4. Memorizing vocabulary

This is an excellent method for learning to read in another language. You simply learn the vocabulary, grammatical rules, and you are ready to go. For those who study ancient languages such as Latin, Greek, and Hebrew in biblical studies, this is the approach used for acquiring knowledge of the language.

One of the biggest concerns with this method was the indifference to speaking. Students who learn with the Grammar-Translation method often do not acquire verbal communication skills. This leaves them with a theoretical knowledge of the language with an understanding of practical use.

Direct Method

The Direct method is a reaction to the Grammar-Translation method. The Direct method de-emphasized translation and focused instead on the teachers and students speaking together. Grammatical rules were related to real-life objects and the target language was the only language used in the classroom. Below is a list of common techniques associated with the Direct method.

  • Reading aloud
  • Self-correction
  • Dictation
  • Question and answers

This method allowed for the development of verbal skills while still allowing for understanding grammatical rules. The Direct method is also practical as it relates well to language use in the real world. However, there are problems with this method. The Direct method emphasizes pronunciation, which requires a native speaker. Another concern was that mostly strong teachers can use this method in the classroom. Lastly, the avoidance of the native language makes it difficult to communicate at times.

The Direct method, over time, has morphed into what is now called Audiolingualism. This method is derived from the approaches related to behaviorism. This method relied heavily on operant conditioning and stimulus-response-reinforcement. The same techniques mentioned above were employed with the added caveat of positive reinforcement. Drills were used to help students to practice the language.

Conclusions

There are many more methods used in language teaching beyond the ones mentioned in this post. All methods are used primarily to help students to acquire mastery of a new language. The method employed depends on the needs of the students as well as the abilities and talents of the teacher.

Differentiated Instruction

One approach to dealing with the individual differences of students is the method of differentiated instruction. In this approach, the focus is on the academic success of individual students or a small group. In order to use this method, a teacher needs a knowledge of the students learning history, interests, readiness to learn among other things. This knowledge helps in developing individual lessons and activities that maximize the personal growth of each student.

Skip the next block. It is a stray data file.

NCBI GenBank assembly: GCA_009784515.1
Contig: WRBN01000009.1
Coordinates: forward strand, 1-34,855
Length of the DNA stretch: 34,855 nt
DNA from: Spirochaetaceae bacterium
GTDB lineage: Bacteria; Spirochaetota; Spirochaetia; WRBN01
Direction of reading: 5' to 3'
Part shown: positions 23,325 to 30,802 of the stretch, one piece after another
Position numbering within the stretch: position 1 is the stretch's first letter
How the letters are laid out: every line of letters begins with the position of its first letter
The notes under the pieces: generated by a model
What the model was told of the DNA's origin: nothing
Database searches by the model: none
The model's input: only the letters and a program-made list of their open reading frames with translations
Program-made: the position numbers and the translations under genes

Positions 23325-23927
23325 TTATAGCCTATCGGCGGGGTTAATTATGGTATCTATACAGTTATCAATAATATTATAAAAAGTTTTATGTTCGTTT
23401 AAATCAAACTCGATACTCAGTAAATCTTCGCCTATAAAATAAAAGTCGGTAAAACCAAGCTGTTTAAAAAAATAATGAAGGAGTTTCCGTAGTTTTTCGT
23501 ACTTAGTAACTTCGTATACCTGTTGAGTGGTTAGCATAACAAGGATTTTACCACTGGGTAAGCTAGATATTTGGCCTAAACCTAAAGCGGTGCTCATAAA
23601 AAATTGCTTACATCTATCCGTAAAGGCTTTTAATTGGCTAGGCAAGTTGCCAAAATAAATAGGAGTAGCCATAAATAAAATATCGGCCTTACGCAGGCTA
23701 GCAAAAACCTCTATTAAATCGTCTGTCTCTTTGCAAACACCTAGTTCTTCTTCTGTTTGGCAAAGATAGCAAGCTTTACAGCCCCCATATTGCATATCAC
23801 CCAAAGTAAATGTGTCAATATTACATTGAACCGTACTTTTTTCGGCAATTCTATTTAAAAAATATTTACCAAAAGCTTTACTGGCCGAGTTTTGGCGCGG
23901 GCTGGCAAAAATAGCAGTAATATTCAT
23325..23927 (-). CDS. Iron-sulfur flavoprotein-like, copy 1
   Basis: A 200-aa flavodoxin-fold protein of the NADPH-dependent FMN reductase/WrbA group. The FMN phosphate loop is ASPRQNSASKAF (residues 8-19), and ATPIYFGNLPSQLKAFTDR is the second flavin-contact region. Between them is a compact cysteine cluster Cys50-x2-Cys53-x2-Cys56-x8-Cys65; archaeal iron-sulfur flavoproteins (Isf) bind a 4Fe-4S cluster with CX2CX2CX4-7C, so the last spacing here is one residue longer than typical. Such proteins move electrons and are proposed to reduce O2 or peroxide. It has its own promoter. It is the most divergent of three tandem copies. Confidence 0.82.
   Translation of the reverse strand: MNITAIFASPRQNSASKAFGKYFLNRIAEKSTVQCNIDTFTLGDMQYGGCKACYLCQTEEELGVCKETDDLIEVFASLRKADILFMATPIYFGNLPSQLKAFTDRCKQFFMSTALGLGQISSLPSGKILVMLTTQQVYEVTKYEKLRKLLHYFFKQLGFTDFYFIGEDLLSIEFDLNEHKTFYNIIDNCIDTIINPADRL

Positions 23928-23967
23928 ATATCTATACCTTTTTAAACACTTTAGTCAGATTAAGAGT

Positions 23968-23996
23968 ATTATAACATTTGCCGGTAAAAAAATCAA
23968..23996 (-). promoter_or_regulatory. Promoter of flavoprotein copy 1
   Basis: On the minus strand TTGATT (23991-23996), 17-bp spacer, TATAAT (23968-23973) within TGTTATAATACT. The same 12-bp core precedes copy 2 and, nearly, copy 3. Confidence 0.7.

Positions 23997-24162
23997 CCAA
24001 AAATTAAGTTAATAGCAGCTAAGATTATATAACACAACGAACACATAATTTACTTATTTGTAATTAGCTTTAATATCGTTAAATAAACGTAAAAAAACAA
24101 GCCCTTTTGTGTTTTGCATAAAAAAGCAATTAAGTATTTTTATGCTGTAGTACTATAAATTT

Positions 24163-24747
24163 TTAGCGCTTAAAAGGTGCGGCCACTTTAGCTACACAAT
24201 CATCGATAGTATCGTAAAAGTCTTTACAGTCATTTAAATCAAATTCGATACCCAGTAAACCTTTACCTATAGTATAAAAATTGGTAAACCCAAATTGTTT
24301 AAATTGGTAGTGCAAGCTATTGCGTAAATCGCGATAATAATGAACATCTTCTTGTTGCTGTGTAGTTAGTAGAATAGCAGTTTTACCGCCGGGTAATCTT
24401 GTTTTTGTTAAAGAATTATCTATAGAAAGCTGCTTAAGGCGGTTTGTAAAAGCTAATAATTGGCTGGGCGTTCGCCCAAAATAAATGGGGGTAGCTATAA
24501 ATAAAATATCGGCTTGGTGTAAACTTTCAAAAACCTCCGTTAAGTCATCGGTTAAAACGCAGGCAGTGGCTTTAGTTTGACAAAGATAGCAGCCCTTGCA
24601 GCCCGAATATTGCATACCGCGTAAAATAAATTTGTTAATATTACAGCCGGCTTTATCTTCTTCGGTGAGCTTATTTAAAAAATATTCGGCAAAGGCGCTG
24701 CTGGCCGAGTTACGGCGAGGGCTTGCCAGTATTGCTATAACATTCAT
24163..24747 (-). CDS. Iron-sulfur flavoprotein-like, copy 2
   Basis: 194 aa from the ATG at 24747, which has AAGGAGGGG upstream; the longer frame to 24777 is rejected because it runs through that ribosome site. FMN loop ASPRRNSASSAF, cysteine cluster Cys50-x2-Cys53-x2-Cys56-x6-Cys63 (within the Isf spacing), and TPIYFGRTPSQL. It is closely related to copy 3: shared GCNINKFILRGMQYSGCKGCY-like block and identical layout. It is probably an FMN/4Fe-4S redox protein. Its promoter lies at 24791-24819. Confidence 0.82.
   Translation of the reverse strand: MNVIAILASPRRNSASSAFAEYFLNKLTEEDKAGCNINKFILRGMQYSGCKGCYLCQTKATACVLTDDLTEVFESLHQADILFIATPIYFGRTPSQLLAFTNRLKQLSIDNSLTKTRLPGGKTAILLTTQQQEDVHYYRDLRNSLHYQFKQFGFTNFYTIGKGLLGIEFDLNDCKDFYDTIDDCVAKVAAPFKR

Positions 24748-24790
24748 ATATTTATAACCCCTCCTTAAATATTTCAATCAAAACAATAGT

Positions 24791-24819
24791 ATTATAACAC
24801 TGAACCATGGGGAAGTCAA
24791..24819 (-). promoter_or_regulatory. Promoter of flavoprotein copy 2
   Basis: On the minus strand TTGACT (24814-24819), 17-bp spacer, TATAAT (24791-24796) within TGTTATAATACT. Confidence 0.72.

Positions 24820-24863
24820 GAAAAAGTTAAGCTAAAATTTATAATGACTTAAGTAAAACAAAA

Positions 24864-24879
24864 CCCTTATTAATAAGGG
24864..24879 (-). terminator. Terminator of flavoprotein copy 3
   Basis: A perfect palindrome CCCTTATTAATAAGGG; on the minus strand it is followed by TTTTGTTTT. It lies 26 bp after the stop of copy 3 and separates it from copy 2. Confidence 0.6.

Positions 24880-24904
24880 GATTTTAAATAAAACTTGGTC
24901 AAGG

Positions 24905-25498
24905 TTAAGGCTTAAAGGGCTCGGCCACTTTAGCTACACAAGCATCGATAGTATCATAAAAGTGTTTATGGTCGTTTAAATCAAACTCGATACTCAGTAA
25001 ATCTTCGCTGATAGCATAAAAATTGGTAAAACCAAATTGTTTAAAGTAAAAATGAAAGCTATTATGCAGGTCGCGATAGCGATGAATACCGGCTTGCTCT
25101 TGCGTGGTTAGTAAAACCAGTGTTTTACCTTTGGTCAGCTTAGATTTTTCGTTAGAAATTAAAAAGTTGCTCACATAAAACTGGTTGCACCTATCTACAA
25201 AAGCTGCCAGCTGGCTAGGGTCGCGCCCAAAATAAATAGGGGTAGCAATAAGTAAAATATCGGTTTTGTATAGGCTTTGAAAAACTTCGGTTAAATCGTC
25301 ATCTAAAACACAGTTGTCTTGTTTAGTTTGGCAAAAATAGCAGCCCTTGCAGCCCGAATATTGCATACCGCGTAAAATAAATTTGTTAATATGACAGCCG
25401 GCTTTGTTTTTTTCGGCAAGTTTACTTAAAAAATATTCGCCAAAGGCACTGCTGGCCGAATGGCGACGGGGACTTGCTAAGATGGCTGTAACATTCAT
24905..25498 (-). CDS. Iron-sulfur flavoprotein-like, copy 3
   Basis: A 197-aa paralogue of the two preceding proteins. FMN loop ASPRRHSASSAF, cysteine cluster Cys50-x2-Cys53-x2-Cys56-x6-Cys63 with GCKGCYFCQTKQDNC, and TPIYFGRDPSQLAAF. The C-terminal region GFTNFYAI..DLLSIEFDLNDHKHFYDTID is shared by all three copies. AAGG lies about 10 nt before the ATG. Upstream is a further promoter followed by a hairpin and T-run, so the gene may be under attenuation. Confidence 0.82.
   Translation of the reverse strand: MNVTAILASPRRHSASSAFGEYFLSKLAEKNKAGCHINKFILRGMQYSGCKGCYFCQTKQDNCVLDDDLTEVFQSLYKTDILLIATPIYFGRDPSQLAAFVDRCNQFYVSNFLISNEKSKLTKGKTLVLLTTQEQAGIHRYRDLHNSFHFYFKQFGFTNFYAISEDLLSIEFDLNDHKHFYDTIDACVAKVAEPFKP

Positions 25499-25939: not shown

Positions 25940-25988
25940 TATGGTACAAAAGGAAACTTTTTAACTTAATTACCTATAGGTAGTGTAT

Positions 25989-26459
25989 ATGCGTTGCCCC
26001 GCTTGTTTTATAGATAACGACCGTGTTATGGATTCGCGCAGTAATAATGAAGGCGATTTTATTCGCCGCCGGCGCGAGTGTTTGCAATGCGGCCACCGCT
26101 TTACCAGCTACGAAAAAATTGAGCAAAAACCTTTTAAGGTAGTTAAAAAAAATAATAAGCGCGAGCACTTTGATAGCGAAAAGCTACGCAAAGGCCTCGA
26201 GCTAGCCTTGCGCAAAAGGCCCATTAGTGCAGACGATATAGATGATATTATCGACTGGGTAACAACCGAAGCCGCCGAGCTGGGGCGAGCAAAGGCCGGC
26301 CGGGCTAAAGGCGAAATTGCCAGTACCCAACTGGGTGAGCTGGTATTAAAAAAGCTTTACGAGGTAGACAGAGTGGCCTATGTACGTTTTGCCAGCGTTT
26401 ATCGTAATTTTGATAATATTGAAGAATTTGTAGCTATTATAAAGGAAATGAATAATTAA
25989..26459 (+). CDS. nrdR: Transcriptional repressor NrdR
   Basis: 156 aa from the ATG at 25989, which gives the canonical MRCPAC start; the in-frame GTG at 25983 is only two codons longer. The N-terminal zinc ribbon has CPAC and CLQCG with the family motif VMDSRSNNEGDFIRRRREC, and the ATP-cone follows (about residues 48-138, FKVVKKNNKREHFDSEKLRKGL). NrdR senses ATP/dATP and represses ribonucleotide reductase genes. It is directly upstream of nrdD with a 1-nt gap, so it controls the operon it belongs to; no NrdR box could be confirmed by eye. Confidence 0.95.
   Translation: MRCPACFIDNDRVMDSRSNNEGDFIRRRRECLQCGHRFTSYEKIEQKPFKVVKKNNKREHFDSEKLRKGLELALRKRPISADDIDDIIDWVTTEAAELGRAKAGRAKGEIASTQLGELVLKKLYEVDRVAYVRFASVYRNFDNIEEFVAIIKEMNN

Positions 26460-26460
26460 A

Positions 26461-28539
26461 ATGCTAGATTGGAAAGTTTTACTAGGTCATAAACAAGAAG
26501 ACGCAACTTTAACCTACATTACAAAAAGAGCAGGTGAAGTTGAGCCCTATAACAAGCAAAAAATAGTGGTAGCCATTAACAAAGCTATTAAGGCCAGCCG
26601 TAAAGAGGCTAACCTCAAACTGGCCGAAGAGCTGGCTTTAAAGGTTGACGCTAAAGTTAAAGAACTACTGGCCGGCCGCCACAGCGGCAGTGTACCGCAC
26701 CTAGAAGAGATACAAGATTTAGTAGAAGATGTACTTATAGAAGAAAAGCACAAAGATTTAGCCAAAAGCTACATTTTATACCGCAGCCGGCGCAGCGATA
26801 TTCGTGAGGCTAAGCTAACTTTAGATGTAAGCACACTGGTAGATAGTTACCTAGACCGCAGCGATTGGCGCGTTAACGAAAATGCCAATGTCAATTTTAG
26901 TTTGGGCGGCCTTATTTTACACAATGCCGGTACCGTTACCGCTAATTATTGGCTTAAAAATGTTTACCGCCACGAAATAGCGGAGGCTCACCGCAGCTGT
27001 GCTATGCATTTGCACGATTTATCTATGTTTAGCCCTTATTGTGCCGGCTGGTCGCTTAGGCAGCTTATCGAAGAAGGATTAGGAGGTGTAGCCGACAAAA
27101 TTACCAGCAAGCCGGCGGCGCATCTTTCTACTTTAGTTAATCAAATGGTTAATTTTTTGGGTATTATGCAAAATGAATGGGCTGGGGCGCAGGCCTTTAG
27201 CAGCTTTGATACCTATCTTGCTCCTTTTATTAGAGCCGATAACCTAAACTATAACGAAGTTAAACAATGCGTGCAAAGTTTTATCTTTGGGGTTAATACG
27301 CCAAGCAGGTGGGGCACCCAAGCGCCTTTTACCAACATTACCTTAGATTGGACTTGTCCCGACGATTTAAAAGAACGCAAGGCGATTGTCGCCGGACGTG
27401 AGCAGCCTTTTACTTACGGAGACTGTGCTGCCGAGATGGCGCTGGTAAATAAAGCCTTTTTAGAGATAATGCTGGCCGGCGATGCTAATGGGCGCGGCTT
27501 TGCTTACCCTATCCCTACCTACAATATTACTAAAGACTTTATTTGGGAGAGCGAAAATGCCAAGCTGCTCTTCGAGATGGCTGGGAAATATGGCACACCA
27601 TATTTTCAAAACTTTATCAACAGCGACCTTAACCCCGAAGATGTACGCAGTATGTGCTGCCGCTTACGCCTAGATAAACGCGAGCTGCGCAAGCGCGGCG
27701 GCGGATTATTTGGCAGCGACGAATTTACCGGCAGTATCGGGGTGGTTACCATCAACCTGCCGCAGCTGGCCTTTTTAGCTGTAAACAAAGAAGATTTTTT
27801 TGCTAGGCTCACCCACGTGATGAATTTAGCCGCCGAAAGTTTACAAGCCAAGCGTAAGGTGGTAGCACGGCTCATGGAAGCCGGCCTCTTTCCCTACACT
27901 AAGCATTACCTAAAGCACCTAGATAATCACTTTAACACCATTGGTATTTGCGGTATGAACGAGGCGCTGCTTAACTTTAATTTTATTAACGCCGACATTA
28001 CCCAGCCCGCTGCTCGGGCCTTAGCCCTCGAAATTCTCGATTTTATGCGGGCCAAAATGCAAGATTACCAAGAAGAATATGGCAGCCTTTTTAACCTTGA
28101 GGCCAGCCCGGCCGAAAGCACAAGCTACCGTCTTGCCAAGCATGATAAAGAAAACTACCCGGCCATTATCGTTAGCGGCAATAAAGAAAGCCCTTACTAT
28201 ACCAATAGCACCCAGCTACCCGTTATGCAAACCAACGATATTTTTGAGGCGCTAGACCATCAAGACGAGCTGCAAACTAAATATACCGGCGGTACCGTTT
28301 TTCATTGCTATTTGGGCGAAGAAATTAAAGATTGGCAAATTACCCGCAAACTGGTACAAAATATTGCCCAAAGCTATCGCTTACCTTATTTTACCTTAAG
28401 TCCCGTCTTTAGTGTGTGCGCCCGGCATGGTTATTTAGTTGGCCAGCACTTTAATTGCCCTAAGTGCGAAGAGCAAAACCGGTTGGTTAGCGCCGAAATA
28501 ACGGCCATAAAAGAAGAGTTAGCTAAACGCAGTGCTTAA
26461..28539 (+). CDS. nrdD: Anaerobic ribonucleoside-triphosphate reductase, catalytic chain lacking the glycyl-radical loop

In general, there are three crucial components of differentiated instruction. These components are…

  • Content
  • Process
  • Product

Content

The content in differentiated instruction is varied. This allows the learners to choose how they will learn. The content also varies in complexity in that students are able to complete tasks that are with their zone of proximal development. This allows all students to experience academic success.

Content is also present in incremental steps or from simple to complex. The goal is to meet the students where they are at and allow them to grow through activities that are appropriate for their current level of ability.

Process

Students are allowed to work individually, in small groups, or as an entire class. These various methods of the process of learning help to meet students various goals for learning. This also provides incentive for students to learn as they are allowed to learn in a format that is comfortable for them.

Products

Differentiated instruction calls for variety in the assessment methods. There is often a list of assignments to choose from. Students pick an assignment that is appropriate to their level of ability They are allowed to express their understanding of the content in a multitude of ways.

Pros and Cons of Differentiated Instruction

There are several advantages of differentiated instruction. One, a teacher can meet the individual needs of a student. Two, this approach is useful for diverse heterogeneous classrooms. Everyone is not put into the same mold but allowed various forms of demonstrating mastery. Lastly, there is a shift from subject-centered to a student-centered curriculum. This increases the level of activity of the student and helps in increasing learning.

Some cons of differentiated instruction are as follows. One, developing all of the various activities, assignments can be extremely taxing for even an experienced teacher. Another problem is marking different assignments for different students yet submitting a grade. If everyone does something different it leads to questions about the validity of the grading. Finally, a teacher has to teach and assisted with several different tasks simultaneously. This is again challenging to do.

Conclusion

Differentiated instruction is best for small classes with diverse students. As the classes grow larger, there is a need for more homogeneous teaching and assessment.  In addition, differentiated instruction is an advance teaching approach. Younger teachers are welcomed to attempt this approach but may find themselves overwhelmed due to the high demand on time. It is left to each teacher to decide if this approach is appropriate for them.

Indirect Instruction

Indirect instruction is a teaching approach that uses inquiry and encourages higher order thinking skills in an environment that encourage problem-solving and or project based learning. Indirect instruction is based on the philosophy of constructivism, which states that people derive meaning from their own experiences.